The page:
These Are the Best Dutch Ovens for Braising, Baking, and So Much More
We consider a Dutch oven a must-have piece of cookware for every kitchen. The heavy-bottomed, lidded pot can do pretty much everything, from simmering soups and stews on the stovetop to baking bread in the oven. Yes, buying an enameled cast-iron Dutch oven is an investment, but it's an essential purchase for your kitchen, especially when you consider the fact that this is a pan you can (and likely will) use daily and one that will last for years. Here, we've gathered our picks for the best Dutch ovens.
Cast iron is the best material for a Dutch oven because it transfers and retains heat so well. While we also rate cast-iron Dutch ovens that are not enameled, we prefer the enameled iterations because their coating makes them a better choice when cooking acidic foods like tomatoes. (Regular, non-enameled cast-iron can react to acidic foods, imparting your finished dish with off flavors or colors.)
Best Cast-Iron Dutch Ovens to Buy Now
- Best Budget-Friendly Cast-Iron Dutch Oven: Lodge Cast Iron Enameled Dutch Oven
- Martha's Own Cast-Iron Dutch Oven: Martha Stewart Collection Dutch Oven
- Best Splurge-Worthy Cast-Iron Dutch Oven: Le Creuset Dutch Oven
- Best Cast-Iron Dutch Oven Design: Staub Tall Cocotte
- Best American-Made Cast-Iron Dutch Oven: Borough Furnace Enameled Cast Iron Dutch Oven
In this guide, we're focusing on the best Dutch ovens with a five-and-a-half to six quart capacity, which is what Martha and many other knowledgeable cooks consider the most versatile size to own. If you're cooking for one or two people, a smaller size may suit you better. If you have a larger family or like to make big batches of soup to freeze, a larger Dutch oven may be the best fit.
Ahead, find our picks for the best Dutch ovens to buy this fall, just in time for making soups, braising, frying chicken, and so much more.
Best Budget-Friendly Cast-Iron Dutch Oven: Lodge Cast-Iron Enameled Dutch Oven
For anyone not convinced that an enameled cast-iron Dutch oven is right for them, consider this affordable option from Lodge. With a budget-friendly price tag, it's an accessible entry point to the category, but it's also a total workhorse. Lodge Dutch ovens have a white enameled interior, which is similar to those from other makers, but the pots are rounded rather than straight. The rounded corners are better for stirring and for cleaning, but not as good for searing as because there's less flat surface area instead them.
Shop Now: Lodge Six-Quart Cast-Iron Enameled Dutch Oven, $79.90, amazon.com.
Martha's Own Cast-Iron Dutch Oven: Martha Stewart Collection Dutch Oven
Our founder is a fan of the enameled cast-iron Dutch oven and has included them in her line with Macys she since began collaborating with the retailer. As you'd expect, Martha's enameled cast-iron Dutch oven has good looks and strong design, and it comes in a range of unique ombré colors. Less expected is its reasonable price point. Available in two, four, and eight quart sizes, as well as the six-quart size featured here, the Martha Stewart Collection Dutch oven is sure to have a place on your stovetop for years to come.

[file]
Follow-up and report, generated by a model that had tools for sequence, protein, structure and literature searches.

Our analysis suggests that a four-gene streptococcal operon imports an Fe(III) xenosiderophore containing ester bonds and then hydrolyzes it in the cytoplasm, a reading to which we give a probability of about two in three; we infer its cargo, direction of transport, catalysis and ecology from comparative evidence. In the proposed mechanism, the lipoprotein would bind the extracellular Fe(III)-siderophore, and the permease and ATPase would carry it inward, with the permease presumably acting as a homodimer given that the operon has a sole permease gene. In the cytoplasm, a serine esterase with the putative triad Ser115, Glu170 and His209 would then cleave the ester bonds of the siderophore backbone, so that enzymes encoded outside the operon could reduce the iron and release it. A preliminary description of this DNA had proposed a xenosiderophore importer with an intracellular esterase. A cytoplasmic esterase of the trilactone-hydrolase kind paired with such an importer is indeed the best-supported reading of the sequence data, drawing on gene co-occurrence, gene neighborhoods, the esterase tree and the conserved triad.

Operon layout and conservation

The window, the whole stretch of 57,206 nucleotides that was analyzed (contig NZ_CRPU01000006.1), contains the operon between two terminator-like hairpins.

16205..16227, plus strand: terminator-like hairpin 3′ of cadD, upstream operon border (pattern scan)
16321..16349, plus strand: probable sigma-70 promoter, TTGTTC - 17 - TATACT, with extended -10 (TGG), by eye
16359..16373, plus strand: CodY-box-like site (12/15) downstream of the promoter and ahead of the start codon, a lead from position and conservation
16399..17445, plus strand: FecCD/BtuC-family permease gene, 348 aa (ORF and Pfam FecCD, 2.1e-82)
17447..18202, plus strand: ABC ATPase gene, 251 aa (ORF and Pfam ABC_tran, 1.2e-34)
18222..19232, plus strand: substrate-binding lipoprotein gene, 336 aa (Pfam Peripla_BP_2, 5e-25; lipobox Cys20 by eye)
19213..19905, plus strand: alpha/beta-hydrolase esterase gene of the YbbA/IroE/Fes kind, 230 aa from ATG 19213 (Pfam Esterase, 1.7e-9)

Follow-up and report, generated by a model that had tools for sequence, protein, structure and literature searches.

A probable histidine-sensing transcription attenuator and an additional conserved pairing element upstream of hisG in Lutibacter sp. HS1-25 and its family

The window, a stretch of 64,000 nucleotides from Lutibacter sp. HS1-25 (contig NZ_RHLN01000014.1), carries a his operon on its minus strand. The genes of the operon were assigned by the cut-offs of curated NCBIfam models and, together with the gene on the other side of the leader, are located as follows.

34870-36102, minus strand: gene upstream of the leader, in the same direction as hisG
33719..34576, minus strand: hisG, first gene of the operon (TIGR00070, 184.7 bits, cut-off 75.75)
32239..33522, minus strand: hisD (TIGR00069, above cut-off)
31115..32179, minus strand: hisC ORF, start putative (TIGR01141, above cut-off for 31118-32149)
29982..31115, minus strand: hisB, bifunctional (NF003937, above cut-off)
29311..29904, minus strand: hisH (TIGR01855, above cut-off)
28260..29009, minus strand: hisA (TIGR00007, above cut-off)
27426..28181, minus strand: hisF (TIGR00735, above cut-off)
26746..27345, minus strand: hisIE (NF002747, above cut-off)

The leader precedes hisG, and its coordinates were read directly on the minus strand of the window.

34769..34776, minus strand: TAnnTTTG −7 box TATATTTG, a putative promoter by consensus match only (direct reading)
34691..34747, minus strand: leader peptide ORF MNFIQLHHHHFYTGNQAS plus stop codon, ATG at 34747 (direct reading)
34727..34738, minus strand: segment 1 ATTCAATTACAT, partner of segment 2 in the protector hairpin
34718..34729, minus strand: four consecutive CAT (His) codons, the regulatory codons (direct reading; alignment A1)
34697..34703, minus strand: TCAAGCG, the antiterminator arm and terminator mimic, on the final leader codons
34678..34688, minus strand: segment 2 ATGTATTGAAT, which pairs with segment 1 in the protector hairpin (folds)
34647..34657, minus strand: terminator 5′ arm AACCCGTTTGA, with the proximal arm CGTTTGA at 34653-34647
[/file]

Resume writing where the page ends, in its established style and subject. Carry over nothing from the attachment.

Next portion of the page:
Shop Now: Martha Stewart Collection Enameled Cast-Iron Round Six-Quart Dutch Oven, $199, macys.com.
Best Splurge-Worthy Cast-Iron Dutch Oven: Le Creuset Dutch Oven
The signature enameled cast-iron Dutch ovens from Le Creuset have long been the category leader, and for good reason: They're considered a top performer for searing meat, caramelizing vegetables, and easy cleaning, which makes them a joy to use no matter what meal you're preparing. Plus, they'll last you a lifetime, so if you're in it for the long haul, investing in one of these beloved Dutch ovens will be worth it for you.
Shop Now: Le Creuset Round Five-and-a-Half-Quart Dutch Oven, $370, lecreuset.com.
Best Cast-Iron Dutch Oven Design: Staub Tall Cocotte
Another French maker, Staub is a challenger to the Le Creuset crown for best Dutch oven. In fact, Staub is popular among many professional chefs and home cooks. A few things differentiate the Staub line of Dutch ovens (which they call cocottes) from all the rest: They have a dark enameled interior rather than the white enamel found on Le Creuset, Lodge, Martha Stewart Collection, and other brands, which means they won't discolor with use. Staub cocottes also have small nubs on the underside of the lid that collect condensation and slowly drop moisture back onto the food. They also work on induction cooktops, which can't be said for all of the brands here. We like this particular tall cocotte because it has a smaller footprint on the stove but retains a generous capacity.
Shop Now: Staub Five-Quart Tall Cocotte, From $199, surlabtable.com.
Best American-Made Cast-Iron Dutch Oven: Borough Furnace Enameled Dutch Oven
For those who appreciate thoughtful design, the elemental look of this artisan-made Dutch oven will appeal to you, but it's important to note that these pans are not all about aesthetics. Handmade by a husband-and-wife team in the Finger Lakes region of New York, the Borough Furnace Dutch ovens are made to last—and made to cook with. For example, the tight-fitting lid is cast in one piece and there is no knob to melt or come loose. The pots also have "pips" similar to those on the Staub to collect condensation and baste food as it cooks. Also similar to the Staub, the interior is enameled black so the entire pot has a sleek profile. This Dutch oven is also compatible with induction cooking.
Shop Now: Borough Furnace Five-and-a-Half-Quart Enameled Dutch Oven, $280, boroughfurnace.com.